1 March 2017
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The How To’s Of Winetasting

You love to drink wine, you love how it tastes, how it smells and how it makes you feel. The only thing is when it comes to talking about wine, you don’t know much more than the basics, like this is red wine, this is white wine.

Wine tasting and the art of making wine is an age old tradition that has been passed down from generation to generation. The oldest-known winery was discovered in a cave in Vayots Dzor in Armenia. Dating back to c. 4100 BC, the site contained a wine press, fermentation vats, jars, and cups.

For those of us that are less well versed in the language of wine, here is a guide on how to judge, taste and talk about wine. Besides referring to wine ratings, tasting terms are the only way we can quantify what a wine tastes like before we buy it. Learning what these words mean (and how to use them yourself) is a very powerful skill to have in order to buy exactly what you want.There are four simple steps to wine-tasting: 

1. Look
Check out the color, opacity (how translucent the wine is) and viscosity (consistency of the wine). You don’t really need to spend more than 5 seconds on this step.

2. Smell
When you first start smelling wine, think big to small. Are there fruits? Think of broad categories first, like citrus, orchard, or tropical fruits in whites or, when tasting reds, red fruits, blue fruits, or black fruits. Getting too specific or looking for one particular note can lead to frustration.

3. Taste
Taste is how we use our tongues to observe the wine, but once you swallow the wine, the sensation may change. Our tongues can detect salty, sour, sweet, or bitter. All wines are going to have some sour, because grapes all contain acid. Ethanol gives a wine texture because we perceive it as “richer” than water. We can also detect tannins with our tongue, which is that sand-paper or tongue-depressor drying sensation in red wines. The taste of wine is also time-based: there is a beginning, middle and end. How long does it take before the flavour of the wine disappears?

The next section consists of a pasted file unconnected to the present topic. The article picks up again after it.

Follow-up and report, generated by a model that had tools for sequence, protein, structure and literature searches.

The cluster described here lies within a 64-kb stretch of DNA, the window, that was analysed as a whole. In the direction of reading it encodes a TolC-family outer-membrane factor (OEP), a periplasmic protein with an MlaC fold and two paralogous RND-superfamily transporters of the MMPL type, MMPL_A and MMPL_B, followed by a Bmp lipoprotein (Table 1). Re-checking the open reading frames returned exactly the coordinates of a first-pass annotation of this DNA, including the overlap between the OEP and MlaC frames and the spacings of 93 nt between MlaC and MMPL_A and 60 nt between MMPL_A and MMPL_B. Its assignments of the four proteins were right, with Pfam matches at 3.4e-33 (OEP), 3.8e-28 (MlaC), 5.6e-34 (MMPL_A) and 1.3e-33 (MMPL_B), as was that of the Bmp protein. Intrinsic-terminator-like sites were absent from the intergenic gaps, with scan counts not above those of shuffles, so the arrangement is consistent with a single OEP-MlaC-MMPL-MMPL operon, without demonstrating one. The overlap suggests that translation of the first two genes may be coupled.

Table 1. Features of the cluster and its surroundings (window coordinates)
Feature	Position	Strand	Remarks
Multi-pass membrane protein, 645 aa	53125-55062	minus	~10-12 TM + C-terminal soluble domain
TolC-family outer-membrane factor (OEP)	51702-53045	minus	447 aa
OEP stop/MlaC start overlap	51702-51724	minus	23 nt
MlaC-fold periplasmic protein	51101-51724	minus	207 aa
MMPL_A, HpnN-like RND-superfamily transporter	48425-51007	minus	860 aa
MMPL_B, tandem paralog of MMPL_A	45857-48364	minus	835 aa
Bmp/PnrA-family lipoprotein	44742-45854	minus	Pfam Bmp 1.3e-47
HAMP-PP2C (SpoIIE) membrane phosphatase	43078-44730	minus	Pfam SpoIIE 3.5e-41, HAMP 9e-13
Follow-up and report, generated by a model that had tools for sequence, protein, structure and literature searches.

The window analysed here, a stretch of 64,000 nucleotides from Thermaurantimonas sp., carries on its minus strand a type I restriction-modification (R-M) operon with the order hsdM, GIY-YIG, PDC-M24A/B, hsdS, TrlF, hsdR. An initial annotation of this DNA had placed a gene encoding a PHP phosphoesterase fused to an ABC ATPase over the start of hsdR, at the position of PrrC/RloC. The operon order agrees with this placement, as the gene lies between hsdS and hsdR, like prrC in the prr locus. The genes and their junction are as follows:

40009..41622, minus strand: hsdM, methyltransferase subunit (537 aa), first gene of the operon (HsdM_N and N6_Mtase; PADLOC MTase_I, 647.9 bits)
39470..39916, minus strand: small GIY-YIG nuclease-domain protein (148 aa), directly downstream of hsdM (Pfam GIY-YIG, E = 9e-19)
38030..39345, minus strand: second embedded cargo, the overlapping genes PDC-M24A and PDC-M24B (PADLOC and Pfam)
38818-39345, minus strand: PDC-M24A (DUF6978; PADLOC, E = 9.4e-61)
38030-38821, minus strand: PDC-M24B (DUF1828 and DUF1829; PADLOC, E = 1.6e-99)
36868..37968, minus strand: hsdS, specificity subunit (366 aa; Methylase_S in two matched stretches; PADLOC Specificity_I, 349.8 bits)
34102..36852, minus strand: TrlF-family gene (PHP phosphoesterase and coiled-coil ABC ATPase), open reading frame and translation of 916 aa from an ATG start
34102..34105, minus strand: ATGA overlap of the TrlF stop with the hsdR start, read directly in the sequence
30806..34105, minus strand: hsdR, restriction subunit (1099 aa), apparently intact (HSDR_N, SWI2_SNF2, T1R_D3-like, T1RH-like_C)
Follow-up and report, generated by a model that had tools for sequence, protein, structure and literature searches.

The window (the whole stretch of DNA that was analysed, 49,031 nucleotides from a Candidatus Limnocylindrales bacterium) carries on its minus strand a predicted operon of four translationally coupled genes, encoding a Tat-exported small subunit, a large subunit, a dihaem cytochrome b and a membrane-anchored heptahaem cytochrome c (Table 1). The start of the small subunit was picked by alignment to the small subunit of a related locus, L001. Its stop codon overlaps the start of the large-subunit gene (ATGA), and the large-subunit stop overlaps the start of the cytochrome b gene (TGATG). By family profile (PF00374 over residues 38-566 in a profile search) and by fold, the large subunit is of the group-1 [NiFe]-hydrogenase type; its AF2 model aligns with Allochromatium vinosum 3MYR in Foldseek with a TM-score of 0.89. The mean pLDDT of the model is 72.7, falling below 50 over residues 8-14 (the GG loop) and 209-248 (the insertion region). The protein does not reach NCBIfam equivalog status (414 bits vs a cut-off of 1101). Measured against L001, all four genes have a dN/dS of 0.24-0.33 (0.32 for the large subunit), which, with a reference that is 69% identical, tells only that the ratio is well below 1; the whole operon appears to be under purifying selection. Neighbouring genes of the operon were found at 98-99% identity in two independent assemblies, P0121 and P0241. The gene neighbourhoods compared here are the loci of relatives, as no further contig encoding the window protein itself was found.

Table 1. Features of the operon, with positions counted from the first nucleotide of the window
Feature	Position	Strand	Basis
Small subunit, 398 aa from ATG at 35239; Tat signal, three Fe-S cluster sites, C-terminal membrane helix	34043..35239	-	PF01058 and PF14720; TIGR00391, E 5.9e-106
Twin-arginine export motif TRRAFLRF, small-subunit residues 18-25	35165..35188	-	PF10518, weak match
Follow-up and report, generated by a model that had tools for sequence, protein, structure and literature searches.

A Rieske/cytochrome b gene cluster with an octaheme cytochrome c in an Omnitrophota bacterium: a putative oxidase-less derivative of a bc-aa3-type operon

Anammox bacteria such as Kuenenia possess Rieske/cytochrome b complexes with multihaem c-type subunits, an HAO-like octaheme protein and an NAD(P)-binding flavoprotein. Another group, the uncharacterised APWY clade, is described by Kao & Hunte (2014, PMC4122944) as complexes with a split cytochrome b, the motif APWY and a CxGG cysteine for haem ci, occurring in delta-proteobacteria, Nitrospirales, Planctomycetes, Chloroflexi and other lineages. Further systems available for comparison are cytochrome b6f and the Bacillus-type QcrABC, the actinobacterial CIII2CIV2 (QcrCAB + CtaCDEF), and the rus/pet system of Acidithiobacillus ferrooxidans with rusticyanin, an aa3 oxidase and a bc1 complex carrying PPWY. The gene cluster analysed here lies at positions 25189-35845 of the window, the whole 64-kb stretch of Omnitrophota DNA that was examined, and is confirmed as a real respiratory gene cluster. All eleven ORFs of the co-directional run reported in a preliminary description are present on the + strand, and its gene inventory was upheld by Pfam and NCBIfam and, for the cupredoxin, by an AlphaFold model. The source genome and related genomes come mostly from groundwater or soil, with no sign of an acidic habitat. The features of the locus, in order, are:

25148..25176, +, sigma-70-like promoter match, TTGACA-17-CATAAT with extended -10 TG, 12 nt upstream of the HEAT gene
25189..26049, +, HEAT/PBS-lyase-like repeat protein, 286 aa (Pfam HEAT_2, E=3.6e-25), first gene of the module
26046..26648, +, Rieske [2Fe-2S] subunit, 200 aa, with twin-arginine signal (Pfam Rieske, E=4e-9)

4. Think
Did the wine taste balanced or out of balance; is it too acidic, too alcoholic, too tannin-heavy? Did you like the wine? Was this wine unique or unmemorable? Were there any characteristics that shined through and impressed you?

Q & A With Roelof van Shalkwyk

Roelof van Schalkwyk is the red winemaker at Klawer Wines. He is very passionate about his wines and the process of making wine. Roelof took the time to tell us a little bit about his wine-making philosophies.

"I like to keep winemaking uncomplicated, clean and simple, to stick to the basics. I love the harvest. There are always difficulties, but it is how you deal with those difficulties that is important. The most rewarding feeling is when you can deliver a product that you worked hard for that is appreciated by others.

"As a winemaker you must have the passion and the drive. There are always goals I try and achieve. In the harvest, it is to get every single ton of grapes in the cellar without any hassles. For the fermenting process I try ensure that it runs smoothly and according to plan. To give a solid clean product for the market and to keep the client satisfied with wines and service."

Die 2017 Michelle Vin Doux-vonkelwyn sal teen 5 April by die Cellar Door beskikbaar wees.

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2016 Sauvignon Blanc teen slegs R30,00!

Ons gaan die 2016 Klawer Wyne Sauvignon Blanc teen die spesiale prys van R30,00 per bottel verkoop solank voorraad hou. Hierdie aanbod is slegs by die kelder geldig. Besoek ons gerus om 'n paar bottels aan te skaf, of om die wyne in ons reeks te proe. 
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Klawer Wines
21 Pepper Street
Cape Living Development Building
Cape Town
Klawer Cellars
Birdfield Farm
P.O. Box 8 
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